The conversation went on around me, moving from the reproductive system to genetic diseases and so forth. I even regained enough presence of mind to join in and offer my own kids-friendly take on genetics. But underneath the surface of the dinner back-and-forth something kept nagging at me. Something about the distinction between dynamic changes on one level and deeply-encoded constants on another seemed important, even crucial. But I couldn’t quite figure out why.

The answer only came to me later, when I went back to read — once again — Airbnb’s statement. “We concluded,” the vacation rental giant announced, “that we should remove listings in Israeli settlements in the occupied West Bank that are at the core of the dispute between Israelis and Palestinians.”

The words “at the core” arrested my attention. But instead of focusing on the phrase that followed them, I kept hearing a different sentence, one that came from deep within me. Instead of thinking of the settlements “that are at the core of the dispute,” I kept thinking about the territories that are “at the core” of our identity as Jews.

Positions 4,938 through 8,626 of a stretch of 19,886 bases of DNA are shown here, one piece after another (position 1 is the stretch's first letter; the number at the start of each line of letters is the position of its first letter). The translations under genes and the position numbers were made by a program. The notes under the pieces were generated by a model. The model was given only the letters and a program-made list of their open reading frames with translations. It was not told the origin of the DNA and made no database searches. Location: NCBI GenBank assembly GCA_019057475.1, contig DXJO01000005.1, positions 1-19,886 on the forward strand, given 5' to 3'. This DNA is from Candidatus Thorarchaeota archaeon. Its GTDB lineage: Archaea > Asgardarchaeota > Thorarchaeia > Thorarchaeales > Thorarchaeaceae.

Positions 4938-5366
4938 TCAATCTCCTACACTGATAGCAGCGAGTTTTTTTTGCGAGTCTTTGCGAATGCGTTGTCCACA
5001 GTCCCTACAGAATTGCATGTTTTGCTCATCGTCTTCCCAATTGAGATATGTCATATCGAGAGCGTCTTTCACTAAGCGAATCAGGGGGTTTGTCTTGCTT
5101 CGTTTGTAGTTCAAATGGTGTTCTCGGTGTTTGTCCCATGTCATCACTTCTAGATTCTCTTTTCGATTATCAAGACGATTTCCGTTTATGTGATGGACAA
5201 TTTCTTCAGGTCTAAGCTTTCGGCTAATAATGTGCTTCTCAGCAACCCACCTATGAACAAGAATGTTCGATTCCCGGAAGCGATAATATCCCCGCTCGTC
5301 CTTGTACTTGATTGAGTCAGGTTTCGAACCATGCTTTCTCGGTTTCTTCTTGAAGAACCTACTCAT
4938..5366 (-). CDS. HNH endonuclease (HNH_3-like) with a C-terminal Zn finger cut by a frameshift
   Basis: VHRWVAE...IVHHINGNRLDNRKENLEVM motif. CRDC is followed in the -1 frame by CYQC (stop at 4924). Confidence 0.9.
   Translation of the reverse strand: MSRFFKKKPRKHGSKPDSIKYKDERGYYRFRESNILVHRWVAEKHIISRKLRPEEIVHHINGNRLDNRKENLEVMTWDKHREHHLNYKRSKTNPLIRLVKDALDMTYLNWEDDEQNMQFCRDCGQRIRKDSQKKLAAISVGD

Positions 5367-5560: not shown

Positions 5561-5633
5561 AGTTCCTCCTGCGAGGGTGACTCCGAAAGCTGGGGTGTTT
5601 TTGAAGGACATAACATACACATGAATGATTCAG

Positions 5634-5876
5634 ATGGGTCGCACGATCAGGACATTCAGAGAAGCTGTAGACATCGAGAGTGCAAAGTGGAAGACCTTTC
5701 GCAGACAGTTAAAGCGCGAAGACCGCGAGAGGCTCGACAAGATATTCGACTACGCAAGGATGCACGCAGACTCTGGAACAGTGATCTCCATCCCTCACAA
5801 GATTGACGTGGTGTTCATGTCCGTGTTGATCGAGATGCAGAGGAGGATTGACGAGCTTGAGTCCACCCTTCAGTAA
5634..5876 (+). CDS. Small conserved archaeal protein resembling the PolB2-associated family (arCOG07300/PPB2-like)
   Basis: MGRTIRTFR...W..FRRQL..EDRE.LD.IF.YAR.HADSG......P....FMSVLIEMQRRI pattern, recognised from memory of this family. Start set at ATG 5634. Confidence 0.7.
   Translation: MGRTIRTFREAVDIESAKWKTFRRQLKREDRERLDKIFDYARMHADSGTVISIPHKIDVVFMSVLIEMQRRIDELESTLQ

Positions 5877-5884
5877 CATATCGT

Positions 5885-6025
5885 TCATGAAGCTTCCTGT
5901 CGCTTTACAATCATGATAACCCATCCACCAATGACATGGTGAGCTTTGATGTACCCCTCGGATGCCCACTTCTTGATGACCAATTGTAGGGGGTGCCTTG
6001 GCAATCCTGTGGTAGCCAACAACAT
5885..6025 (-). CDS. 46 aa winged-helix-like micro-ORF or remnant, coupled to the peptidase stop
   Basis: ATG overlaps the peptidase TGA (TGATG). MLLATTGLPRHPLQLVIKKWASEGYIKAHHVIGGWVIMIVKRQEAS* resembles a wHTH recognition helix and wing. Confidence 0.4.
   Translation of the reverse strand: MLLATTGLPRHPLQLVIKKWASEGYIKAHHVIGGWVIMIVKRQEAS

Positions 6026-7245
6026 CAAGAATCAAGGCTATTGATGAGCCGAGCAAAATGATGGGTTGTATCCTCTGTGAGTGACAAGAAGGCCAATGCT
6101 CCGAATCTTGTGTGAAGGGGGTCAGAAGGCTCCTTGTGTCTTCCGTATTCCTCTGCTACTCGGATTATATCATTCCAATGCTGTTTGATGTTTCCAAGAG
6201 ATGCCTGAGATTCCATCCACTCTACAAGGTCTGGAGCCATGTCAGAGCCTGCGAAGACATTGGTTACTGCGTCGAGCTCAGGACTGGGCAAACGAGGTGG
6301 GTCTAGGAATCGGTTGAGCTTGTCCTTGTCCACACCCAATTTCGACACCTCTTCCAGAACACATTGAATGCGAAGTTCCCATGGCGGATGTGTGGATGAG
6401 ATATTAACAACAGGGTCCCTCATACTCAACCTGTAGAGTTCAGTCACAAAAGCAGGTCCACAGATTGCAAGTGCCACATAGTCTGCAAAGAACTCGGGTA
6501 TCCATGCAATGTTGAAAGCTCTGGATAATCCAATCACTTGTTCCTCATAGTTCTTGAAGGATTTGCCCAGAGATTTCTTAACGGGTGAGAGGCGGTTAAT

I don’t say “as Jews” lightly. I am well aware that many Jews would reject the idea that Israel — the land or the state — is central to their identity. My Jewish neighbors in Boston live a rich and powerful Jewish life right here in the New World, miles and miles away from the Jewish homeland. And generations upon generations of Jewish sages worked hard to make it possible for us to do so, by  rearranging and readjusting the Jewish modus vivendi into more than the Temple-centric religion it used to be — and which wouldn’t have been able to survive our millennia of exile.

But underneath all those changes and shifts, underneath all the new ideas we pursued and the reforms that we enacted, our distant era as a sovereign nation in the promised land continued to affect us. Like the genes within a woman’s eggs, like the “information” that remains intact within her as she curls her hair or — God forbid — loses an arm, our distant past in Israel remained within us. We changed ourselves in many ways and over many generations. But our Israelite DNA has shaped us even as we changed.